I hope this isn't true. About half of Americans age 18 to 34 have no savings, study finds
By Diane C. Lade
They may be among the most tech-savvy group ever to enter the work force. But Generation Y adults have the weakest financial literacy skills among any age group, a new study found.
And almost half of Americans between the ages of 18 and 34 have no savings.
The survey released by the National Foundation for Credit Counseling, which polled 1,000 adults nationwide in March, found 47 percent of Gen Y adults gave themselves Cs, Ds or Fs in personal finance skills such as budgeting and effective savings. They also were the ones mostly likely, among working age adults, to be putting no money toward retirement.
Experts fear that will leave them ill prepared when the first of Gen Y turns 62 in 2039, the year that some actuarial models have estimated the Social Security trust fund will be exhausted unless changes are made.
"When you're young and just starting out, you have so many needs and wants that finding that extra money is particularly hard, especially since retirement seems so far off," said Gail Cunningham, public relations vice president at the foundation, a nonprofit promoting financial literacy.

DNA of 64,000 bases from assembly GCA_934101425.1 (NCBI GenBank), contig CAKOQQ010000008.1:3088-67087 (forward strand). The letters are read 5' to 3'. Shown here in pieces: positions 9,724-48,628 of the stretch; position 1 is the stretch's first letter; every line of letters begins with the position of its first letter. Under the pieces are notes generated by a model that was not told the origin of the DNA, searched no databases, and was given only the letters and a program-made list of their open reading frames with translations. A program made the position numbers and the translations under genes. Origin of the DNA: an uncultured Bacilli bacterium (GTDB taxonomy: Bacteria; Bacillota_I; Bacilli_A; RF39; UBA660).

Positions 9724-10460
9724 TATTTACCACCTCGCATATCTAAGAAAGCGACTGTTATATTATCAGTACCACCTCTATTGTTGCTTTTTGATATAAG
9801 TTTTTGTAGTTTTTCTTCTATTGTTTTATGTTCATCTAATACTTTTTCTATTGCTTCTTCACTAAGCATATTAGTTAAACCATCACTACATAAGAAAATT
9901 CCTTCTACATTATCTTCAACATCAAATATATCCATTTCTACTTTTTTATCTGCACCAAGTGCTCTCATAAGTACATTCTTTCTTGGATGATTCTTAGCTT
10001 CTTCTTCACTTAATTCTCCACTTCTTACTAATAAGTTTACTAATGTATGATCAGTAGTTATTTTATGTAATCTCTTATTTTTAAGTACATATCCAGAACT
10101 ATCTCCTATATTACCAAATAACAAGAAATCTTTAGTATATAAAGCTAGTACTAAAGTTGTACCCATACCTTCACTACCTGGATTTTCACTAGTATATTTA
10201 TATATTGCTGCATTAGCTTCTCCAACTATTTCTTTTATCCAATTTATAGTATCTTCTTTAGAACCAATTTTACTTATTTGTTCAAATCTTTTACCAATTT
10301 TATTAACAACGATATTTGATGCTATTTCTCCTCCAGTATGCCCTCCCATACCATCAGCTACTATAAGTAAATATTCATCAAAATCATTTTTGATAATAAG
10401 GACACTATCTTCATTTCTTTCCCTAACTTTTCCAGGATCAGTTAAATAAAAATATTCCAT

Here's what financial advisors say young adults can do:
Save something on a regular basis, even if only small amounts.
If your company has a retirement savings plan, participate. If not, start your own individual retirement account.
Prioritize your payments, paying off high interest credit card and car loan debt first.
Build good credit by paying your bills on time.
Albert Williams, a professor of finance and economics at Nova Southeastern University in Davie, thinks the current recession may end up benefiting Generation Y. He finds his graduate business students are much more cautious about money these days, well aware they have huge school loans to pay off.
"This has been a huge eye opener for them and has caused them to rethink how they want to live their lives," Williams said. "Some economists say they will go back to their old ways once the recession eases, but I want to give them the benefit of the doubt."